Howard said Stevens should adapt well to relating to NBA players despite his lack of professional coaching experience.
"He has a great bond with us players and I think he really tries to get to know each player, how they tick and try to make them better," Howard said. "And then within the game, I haven’t been around anyone who is so good at making adjustments. You go and watch Butler over the years out of timeouts, see how effective and efficient they are, that’s coaching. There’s so many angles and he’s always one to learn. I think that makes for a great coach."
Howard said he keeps in close touch with Stevens, and that is exemplary of his commitment to players.
“My whole career was with him at Butler and he’s a players’ coach,” Howard said. “He has great relationships with all his players. He really wanted to get to know them. I think that most guys that want to have a relationship do. If for some reason it doesn’t work out, it’s not because he isn’t trying. I know that’s what he’s going to do and I think he’s going to be fine because I saw it in my four years with him.”
ORLANDO – It was only a couple months ago that Jason Kidd and the rest of the New York Knicks were facing Paul Pierce, Kevin Garnett and their Boston Celtics teammates.
Now, with a blockbuster swap officially completed between the Celtics and Nets, those three will be reunited again in Brooklyn, with Kidd coaching Pierce and Garnett.
When Kidd spoke to Garnett on draft night when the terms of the deal were essentially agreed to, there wasn't too much said.
"He’s a man of few words, but when he does say something, everyone listens," Kidd said Friday during Orlando Summer League here.
"My pitch was to have an opportunity to win a championship again, and being able to not just win a championship but teach these guys what it takes to win. (Brook) Lopez, (Andray) Blatche, (Deron Williams), Joe Johnson – being able to show them what it takes to win.”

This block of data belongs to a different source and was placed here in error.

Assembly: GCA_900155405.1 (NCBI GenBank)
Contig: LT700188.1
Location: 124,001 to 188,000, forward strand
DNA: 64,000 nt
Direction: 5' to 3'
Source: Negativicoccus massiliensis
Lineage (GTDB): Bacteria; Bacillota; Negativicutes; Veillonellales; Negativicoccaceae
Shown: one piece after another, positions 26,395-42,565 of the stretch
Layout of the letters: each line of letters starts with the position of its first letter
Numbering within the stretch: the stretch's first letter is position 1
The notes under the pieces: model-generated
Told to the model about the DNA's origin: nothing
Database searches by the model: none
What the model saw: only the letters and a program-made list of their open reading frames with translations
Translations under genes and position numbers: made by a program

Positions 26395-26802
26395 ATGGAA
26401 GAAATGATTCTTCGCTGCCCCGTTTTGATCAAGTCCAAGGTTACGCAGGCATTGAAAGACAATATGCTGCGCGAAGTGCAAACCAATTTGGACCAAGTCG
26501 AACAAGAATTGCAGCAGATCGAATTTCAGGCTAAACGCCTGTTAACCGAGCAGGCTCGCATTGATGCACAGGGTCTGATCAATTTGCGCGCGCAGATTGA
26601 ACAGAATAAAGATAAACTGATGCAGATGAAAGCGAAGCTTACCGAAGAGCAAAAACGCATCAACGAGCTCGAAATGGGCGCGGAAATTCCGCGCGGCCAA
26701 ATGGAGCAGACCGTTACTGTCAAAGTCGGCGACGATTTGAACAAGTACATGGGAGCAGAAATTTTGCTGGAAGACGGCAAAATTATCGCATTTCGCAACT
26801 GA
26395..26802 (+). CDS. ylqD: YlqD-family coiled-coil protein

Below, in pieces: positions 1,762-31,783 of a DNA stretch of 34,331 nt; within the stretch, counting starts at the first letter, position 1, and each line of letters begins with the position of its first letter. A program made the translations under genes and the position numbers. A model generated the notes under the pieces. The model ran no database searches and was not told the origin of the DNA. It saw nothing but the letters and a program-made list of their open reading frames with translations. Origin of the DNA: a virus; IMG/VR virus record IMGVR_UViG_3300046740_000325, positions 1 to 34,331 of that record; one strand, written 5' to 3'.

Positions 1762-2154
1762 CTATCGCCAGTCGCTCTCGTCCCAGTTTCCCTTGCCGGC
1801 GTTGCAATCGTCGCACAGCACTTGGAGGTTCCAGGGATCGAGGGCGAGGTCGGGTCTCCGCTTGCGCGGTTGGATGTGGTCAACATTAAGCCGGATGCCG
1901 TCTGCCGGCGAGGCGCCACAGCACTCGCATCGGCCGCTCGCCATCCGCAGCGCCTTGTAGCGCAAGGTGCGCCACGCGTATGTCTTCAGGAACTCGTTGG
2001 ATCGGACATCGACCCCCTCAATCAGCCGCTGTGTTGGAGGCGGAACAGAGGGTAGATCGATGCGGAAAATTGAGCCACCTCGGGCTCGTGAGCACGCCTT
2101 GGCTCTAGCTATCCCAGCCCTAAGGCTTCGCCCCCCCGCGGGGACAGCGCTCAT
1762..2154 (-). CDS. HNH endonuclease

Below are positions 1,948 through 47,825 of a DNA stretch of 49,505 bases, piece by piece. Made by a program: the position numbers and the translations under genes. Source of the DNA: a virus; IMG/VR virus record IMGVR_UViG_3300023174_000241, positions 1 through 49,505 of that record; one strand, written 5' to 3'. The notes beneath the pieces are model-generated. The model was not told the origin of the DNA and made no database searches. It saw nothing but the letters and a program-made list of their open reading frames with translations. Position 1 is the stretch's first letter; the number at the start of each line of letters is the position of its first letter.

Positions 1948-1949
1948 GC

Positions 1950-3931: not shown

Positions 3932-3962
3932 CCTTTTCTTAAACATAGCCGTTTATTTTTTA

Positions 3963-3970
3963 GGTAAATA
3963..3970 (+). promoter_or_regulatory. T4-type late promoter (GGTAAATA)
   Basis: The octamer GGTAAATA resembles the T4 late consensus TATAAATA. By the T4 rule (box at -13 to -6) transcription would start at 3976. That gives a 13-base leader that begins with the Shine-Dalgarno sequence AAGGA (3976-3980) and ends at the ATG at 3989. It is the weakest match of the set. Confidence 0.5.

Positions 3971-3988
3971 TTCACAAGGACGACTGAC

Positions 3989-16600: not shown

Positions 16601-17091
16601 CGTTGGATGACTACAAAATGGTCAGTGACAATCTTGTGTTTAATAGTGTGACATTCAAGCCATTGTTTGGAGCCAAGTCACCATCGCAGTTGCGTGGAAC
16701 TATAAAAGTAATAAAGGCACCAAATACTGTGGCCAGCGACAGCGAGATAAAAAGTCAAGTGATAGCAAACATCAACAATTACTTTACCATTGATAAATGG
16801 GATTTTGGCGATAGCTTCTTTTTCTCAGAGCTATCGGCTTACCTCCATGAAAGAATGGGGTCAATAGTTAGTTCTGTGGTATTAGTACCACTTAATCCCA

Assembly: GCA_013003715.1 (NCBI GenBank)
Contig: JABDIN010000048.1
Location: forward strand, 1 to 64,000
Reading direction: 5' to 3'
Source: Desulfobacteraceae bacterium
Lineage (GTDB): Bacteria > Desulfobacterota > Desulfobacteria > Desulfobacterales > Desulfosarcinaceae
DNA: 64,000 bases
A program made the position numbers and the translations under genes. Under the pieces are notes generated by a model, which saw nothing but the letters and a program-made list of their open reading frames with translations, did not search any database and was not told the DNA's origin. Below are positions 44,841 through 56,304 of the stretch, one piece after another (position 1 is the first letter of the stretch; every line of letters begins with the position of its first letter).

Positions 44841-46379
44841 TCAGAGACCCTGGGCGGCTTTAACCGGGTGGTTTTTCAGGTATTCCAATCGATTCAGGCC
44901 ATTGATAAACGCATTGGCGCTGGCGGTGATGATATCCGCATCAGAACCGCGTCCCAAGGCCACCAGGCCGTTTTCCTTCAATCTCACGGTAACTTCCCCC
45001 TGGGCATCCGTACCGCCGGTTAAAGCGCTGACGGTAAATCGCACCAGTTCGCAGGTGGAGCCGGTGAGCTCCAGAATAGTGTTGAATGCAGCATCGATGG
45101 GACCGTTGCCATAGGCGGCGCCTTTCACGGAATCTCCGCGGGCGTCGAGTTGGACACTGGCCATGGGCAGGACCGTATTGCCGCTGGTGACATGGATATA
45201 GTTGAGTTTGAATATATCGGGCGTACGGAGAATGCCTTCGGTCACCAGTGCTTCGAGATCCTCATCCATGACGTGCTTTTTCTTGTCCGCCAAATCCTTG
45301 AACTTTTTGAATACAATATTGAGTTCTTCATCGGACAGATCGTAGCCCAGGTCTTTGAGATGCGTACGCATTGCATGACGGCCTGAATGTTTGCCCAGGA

Garnett, 37, and Kidd, 40, are said to be close, in no small part because they came into the league around the same time -- Garnett for the 1995-96 season and Kidd a season before.
"He’s a warrior," Kidd said of Garnett. "From Day 1 (in) ’95, He’s been all business. He’s a winner, he understands what it takes to win. When you talk about a true professional, he’s the blueprint.”
An obvious factor for Garnett to waive his no-trade clause to make the deal work was that he'd be joining his close friend Pierce, who will be 36 by the time next season begins. Also joining Garnett and Pierce in Brooklyn is Jason Terry, 35.
Kidd said he doesn't believe it will be awkward coaching players he's played against.
"No. For JET, no, I think because that was kind of my role when I was in Dallas, being able to communicate with those guys on that end of the floor," Kidd said.
"Paul, when I talked to Paul he was excited for me because he felt this was something that the league needed, to get some new blood in as coaches. I don’t think it’s going to be any awkwardness, I think it’s going to be a great combination of them being able to help me and me being able to help them. That’s what a family’s all about and that’s what we are.”
In all, Kidd said there are plenty of egos to manage, but the fact that most of them are veterans does help.
"I’m glad they’re all in their 30s," he said. "If they were all in their 20s it might be harder, but these guys all understand what it takes to win, what it means to win, and they’ve all sacrificed. When you talk to them or if they talk to their teammates, that’s going to be a key word that they’ll share, is that you have to sacrifice to be a winner in this league.
"When you talk about Paul and KG, you can’t forget about Jason Terry. He’s also won a championship and he also understands what it takes. I’m excited about the personalities. Everybody’s different and I’m looking forward to the challenge.”
How does Kidd see the team coming together on the court?
"They’re all unselfish, so someone has to shoot the ball," Kidd said. "When you look at teams that have put big names together, they tend to take a step back because of the other superstars, they rely on them. I’m looking for these guys to all be who they are, but also they have to look at the basket. That’s something we’ll talk about as a team.”
At this stage in their careers, Garnett and Pierce won't and can't play heavy minutes, though it might be hard to convince them of that.
“I’ll just cut the uniform off. That’s all, that’s easy," Kidd said, half-joking.
"We’ll sit down, we’ve already started working on that. Being able to say I sat in that seat, being able to talk to KG, Paul and JET about those situations, hopefully they’ll listen and be able to understand the bigger picture. I’ve always called the regular season the dress rehearsal for the real season of trying to win a championship, so I can share that knowledge.
"But KG and Paul sometimes could be stubborn because they’re warriors and they want to be out there and help. Sometimes when they look in that locker their jerseys won’t be there. That’s the best way to keep those guys’ minutes down.”